Helping Poor Children in W.Va.
State Sen. John Unger wants to do something about poor children in West Virginia. So, he’s proposing what seems logical, to a politician, at least: Unger, D-Berkeley, wants to form a legislative select committee on child poverty.
“I want us to come up with new ideas,” Unger stressed.
Well, that would be good. Because we know a lot about poverty. Specifically, we know what the nation has been attempting to do about it for half a century hasn’t worked.
Modern anti-poverty campaigns by government began during the 1960s. In 1970, the Census Bureau estimated 12.6 percent of Americans were living in households with incomes below the poverty level.
Care to guess what the number was in 2011? How about 15 percent? And don’t blame the current economy for all that. During the past 40 years the rate never has dropped more than about one percentage point under the 1970 level, even during boom times.
Here in West Virginia, we tend to be a couple of points above the national average. In 1980, the earliest year for which the Census Bureau posts state data, the poverty rate here was 15.2 percent. It’s 17.5 percent now.
So the hundreds of billions of dollars Americans have spent to fight poverty have treated symptoms, not causes.
What’s especially disturbing, as Unger recognizes, is that the poverty rate for children (those under 18 years of age) is substantially higher than for the population as a whole.
In 2011, about 26 percent of Mountain State children lived in households with incomes below the federally designated poverty level, according to the Kids Count organization.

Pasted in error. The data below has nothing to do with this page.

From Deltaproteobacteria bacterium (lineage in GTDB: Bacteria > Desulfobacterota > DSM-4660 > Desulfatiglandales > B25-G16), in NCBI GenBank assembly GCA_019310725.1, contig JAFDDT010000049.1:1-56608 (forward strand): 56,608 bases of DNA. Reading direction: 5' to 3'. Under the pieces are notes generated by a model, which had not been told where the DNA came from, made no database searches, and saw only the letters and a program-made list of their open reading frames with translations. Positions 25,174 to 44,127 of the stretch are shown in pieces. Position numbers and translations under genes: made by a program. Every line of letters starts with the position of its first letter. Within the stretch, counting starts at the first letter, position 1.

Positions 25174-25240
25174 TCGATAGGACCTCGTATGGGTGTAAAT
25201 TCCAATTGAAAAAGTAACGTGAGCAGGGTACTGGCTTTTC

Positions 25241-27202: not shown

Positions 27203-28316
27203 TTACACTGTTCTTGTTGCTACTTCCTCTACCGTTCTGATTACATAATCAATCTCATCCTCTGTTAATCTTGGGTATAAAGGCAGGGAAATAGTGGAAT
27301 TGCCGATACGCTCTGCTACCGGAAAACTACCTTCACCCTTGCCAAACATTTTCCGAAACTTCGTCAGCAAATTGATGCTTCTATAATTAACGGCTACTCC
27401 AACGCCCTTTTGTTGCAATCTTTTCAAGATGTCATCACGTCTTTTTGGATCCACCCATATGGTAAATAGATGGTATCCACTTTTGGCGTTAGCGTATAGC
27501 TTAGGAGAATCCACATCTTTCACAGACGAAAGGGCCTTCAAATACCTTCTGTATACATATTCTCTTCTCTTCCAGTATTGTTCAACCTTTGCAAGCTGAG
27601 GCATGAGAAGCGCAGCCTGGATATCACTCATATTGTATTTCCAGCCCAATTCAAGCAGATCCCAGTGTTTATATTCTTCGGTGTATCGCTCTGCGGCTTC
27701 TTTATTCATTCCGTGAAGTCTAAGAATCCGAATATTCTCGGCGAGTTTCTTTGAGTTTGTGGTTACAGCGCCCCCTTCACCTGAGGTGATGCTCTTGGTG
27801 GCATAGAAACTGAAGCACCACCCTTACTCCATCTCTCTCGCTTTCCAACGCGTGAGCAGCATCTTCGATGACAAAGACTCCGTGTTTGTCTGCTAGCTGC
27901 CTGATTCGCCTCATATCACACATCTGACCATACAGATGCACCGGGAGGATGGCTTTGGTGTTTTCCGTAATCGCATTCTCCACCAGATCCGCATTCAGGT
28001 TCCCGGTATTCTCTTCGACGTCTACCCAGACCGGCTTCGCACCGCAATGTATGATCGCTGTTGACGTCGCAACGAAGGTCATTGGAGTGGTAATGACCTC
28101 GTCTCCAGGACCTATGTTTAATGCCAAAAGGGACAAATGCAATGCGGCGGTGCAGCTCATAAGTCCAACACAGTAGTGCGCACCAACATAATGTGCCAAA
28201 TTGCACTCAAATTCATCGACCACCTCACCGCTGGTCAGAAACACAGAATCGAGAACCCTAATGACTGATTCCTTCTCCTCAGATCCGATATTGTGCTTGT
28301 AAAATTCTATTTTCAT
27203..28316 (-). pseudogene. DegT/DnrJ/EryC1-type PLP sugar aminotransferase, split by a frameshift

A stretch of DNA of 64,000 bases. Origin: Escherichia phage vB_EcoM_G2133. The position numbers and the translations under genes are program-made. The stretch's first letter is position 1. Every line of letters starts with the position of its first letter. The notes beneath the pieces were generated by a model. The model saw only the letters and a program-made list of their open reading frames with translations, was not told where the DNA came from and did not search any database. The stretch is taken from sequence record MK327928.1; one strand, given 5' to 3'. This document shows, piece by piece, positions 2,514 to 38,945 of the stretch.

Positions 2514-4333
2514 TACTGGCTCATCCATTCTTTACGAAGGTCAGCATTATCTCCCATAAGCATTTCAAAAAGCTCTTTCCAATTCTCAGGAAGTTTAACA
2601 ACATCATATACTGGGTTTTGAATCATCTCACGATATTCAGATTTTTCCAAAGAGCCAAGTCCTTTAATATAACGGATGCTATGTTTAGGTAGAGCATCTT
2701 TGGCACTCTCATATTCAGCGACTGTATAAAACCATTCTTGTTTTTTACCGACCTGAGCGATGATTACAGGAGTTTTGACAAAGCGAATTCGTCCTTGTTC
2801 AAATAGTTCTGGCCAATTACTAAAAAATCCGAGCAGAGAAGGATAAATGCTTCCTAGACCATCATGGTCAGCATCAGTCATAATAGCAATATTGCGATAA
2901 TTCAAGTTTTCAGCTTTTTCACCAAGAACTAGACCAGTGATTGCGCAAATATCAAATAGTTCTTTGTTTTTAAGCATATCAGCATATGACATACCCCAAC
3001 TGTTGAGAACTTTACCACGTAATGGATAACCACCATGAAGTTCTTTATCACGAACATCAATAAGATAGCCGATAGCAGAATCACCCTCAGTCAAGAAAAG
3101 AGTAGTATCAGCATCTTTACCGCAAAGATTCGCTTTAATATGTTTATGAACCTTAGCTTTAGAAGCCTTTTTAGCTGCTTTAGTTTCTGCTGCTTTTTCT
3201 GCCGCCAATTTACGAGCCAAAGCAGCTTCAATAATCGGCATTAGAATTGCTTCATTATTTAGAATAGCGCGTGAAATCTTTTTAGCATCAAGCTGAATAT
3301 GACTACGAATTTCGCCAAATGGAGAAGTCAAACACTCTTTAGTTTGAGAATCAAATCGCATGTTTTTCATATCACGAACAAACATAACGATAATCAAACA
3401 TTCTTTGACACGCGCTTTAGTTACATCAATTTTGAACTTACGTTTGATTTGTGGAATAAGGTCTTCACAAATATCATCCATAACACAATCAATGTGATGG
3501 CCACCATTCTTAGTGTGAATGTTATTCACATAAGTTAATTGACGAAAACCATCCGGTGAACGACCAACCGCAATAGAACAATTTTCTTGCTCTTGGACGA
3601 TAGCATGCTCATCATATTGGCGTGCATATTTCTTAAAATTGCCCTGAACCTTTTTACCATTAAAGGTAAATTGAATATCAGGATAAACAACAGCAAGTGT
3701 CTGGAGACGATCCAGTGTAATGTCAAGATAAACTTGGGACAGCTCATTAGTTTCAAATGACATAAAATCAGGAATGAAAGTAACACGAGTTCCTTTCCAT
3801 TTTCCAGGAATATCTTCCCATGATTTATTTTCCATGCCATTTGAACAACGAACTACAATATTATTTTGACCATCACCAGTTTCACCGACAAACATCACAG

Another outfit, the National Center for Children in Poverty, makes the real problem crystal clear. Look at some of the numbers for West Virginia:
- Seventy-four percent of the state’s children in poverty live in homes where either no one has a job or the best they can do is part-time or part-year employment. Jobs matter.
- Sixty-three percent of children in poverty are from households where no one has earned a high school diploma. Education matters – or, to be more precise, deciding to get an education matters.
- Sixty percent of poor children live in single-parent homes. Twelve percent don’t live with either of their parents. Marriage matters – or, again, to be more precise, taking responsibility for your children matters.
- Where in West Virginia you live makes a difference. In 2011, the percentage of children in poverty in the state’s First Congressional District – northern and central counties – was 24. In the Third District, the southern counties, it was 27 percent.
It’s going to get worse in the southern coalfields, by the way, as the EPA-driven shift away from coal to produce electricity closes more mines.
We don’t really need another commission, committee or campaign. We already know a lot about why some people are poor and others aren’t.
And we know there are ways we can help at least some of those children.
For starters, we can insist their parents take responsibility for their offspring. We can tell more moms and dads that if they don’t send their children to school, they may go to jail.
We can tell deadbeat parents that if they walk away from their children, we’ll track them down and won’t listen to any sob stories about how they can’t afford to pay child support. If they decide, as some do, to stop working rather than pay child support, we can cut off all public assistance to them.
We can help low-income parents who want to work by not reducing the day-care assistance we provide them. We can do more to help adults who, now regretting they dropped out of school, want to get GEDs.
Instead of finding new ways to tax job creators while insisting government is doing them a favor (remember “You didn’t built that”?), we can be partners with them in the only anti-poverty campaign that really works – growing the private-sector economy.
We already know effective ways to reduce poverty in our state and nation. The question Unger should be asking is why we don’t use them.
Myer can be reached via e-mail at email@example.com.